Transcript for How to get the medical help you need while social distancing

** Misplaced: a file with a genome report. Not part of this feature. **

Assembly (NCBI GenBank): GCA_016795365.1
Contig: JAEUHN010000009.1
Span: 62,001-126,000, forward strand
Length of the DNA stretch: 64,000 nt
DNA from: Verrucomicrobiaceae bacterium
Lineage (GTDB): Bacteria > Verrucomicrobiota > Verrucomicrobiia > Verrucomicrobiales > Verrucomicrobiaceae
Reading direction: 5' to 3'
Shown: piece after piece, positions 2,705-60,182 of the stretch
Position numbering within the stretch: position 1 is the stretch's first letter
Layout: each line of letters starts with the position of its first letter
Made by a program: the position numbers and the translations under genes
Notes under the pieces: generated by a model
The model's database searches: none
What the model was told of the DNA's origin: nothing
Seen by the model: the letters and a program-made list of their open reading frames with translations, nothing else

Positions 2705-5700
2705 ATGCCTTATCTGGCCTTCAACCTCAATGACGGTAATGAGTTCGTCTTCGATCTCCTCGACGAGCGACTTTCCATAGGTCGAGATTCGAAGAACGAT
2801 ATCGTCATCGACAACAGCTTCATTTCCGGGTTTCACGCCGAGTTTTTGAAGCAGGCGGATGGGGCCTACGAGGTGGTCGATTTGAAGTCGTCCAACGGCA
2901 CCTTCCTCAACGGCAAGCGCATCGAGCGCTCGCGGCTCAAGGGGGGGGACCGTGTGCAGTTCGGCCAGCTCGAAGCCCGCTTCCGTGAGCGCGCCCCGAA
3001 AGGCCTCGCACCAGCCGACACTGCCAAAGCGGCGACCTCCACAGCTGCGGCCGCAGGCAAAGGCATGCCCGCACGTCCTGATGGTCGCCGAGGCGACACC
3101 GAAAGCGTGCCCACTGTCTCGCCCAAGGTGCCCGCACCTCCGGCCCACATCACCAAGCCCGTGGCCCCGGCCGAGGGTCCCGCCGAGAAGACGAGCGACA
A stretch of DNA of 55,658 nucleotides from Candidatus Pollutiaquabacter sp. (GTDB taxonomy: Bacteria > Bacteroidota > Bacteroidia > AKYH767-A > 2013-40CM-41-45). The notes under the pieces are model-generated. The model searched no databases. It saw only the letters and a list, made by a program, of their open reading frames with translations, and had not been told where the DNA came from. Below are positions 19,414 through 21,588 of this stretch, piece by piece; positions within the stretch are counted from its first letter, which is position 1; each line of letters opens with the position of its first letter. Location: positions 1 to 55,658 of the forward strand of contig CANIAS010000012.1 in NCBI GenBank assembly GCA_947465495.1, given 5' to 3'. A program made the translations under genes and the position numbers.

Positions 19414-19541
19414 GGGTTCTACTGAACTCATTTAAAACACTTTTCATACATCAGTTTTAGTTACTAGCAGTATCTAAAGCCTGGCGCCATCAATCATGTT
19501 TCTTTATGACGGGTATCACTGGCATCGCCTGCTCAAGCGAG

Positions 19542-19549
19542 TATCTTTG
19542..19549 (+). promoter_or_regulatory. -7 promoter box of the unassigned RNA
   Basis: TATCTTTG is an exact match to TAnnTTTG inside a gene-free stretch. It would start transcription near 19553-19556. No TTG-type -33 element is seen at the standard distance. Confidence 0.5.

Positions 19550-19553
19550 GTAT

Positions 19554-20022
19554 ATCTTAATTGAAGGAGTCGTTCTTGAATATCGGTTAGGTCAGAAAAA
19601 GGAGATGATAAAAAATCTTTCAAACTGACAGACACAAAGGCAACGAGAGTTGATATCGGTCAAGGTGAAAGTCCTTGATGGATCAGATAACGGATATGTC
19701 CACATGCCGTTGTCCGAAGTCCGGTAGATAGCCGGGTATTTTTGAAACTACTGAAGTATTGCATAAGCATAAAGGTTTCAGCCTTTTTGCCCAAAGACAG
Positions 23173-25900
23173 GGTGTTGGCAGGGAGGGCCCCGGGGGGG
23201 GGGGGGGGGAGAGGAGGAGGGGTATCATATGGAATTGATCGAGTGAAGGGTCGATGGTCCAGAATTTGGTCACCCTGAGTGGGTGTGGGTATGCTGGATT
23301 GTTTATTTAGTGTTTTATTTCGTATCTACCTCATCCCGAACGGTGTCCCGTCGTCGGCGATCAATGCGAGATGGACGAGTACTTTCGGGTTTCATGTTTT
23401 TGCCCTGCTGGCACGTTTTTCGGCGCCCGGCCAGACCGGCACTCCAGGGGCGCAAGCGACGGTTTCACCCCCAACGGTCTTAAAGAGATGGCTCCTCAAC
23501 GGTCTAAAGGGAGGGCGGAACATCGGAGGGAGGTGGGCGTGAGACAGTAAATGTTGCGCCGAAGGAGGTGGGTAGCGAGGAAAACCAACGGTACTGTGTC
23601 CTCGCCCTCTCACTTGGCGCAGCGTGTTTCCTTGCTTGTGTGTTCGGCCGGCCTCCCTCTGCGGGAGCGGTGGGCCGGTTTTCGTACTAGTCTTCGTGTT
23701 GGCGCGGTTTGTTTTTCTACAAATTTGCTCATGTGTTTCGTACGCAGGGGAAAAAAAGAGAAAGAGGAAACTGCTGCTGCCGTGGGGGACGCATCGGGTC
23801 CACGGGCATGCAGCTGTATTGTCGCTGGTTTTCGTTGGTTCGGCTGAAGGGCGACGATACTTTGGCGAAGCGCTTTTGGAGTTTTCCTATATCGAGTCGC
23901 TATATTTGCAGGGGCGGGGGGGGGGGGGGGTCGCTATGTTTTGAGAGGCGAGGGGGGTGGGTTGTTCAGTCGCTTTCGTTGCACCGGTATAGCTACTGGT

Right now, we're going to get to our "Gma" cover story and the big question on the minds of so many this morning, how to see your doctor when we're supposed to be social distancing. The answer is telemedicine, using your phone to see your physician. It's now exploding in popularity and Amy is here with more. Good morning, Amy. Hey, good morning, Michael. Yes, sitting in the doctor's office in the emergency room surrounded by people there for the exact same reason, you are sick. But, now when social distancing is the biggest weapon we have in fighting covid-19, telemedicine could save lives. Telemedicine, or seeing a doctor remotely via video, phone or text, has never really picked up steam until now. In a crisis such as covid-19, our goal is to really benefit the public to decrease the risk of infection, and telemedicine is a perfect opportunity to do that. Reporter: It allows those who are immunocompromised or quarantined to get doctor's advice from home. It can also keep patients who believe they may have the coronavirus out of the emergency room where they could spread the disease to others. Some are just looking for reassurance like 54-year-old Sharon from Maryland. Dr. Mia as she is called is able to examine Sharon over the video Sharon feels her neck for tender lumps, takes in deep breaths. Can you give me an ahh. Ahh. Reporter: And right now some companies are seeing huge increases in tele health visits. Multi-care, the largest community based health system in the state of Washington, says it's seen a 13,000% increase in average daily visit volume this month versus the last six months. Right now our most common visit is upper respiratory infection which is common cold, sinusitis, fever, cough. A lot of these are symptoms you see with covid. Reporter: 80% of diagnoses are made through taking a patient's history. Here, no? While I might not be able to listen to someone's lungs I can look at their respiratory pattern if they're breathing fast. We can have the patient take their own heart rate. Reporter: Sharon's visit took ten minutes. The reassurance is awesome. That's number one. And number two, me not having to go into a place that has germs around it, if I don't have to expose myself, that's terrific. New York state now has the most coronavirus cases in the country and so governor Andrew Cuomo has announced that all insurance companies will waive co-pays for telemedicine treatments. We may see that happening in other states as well. George.
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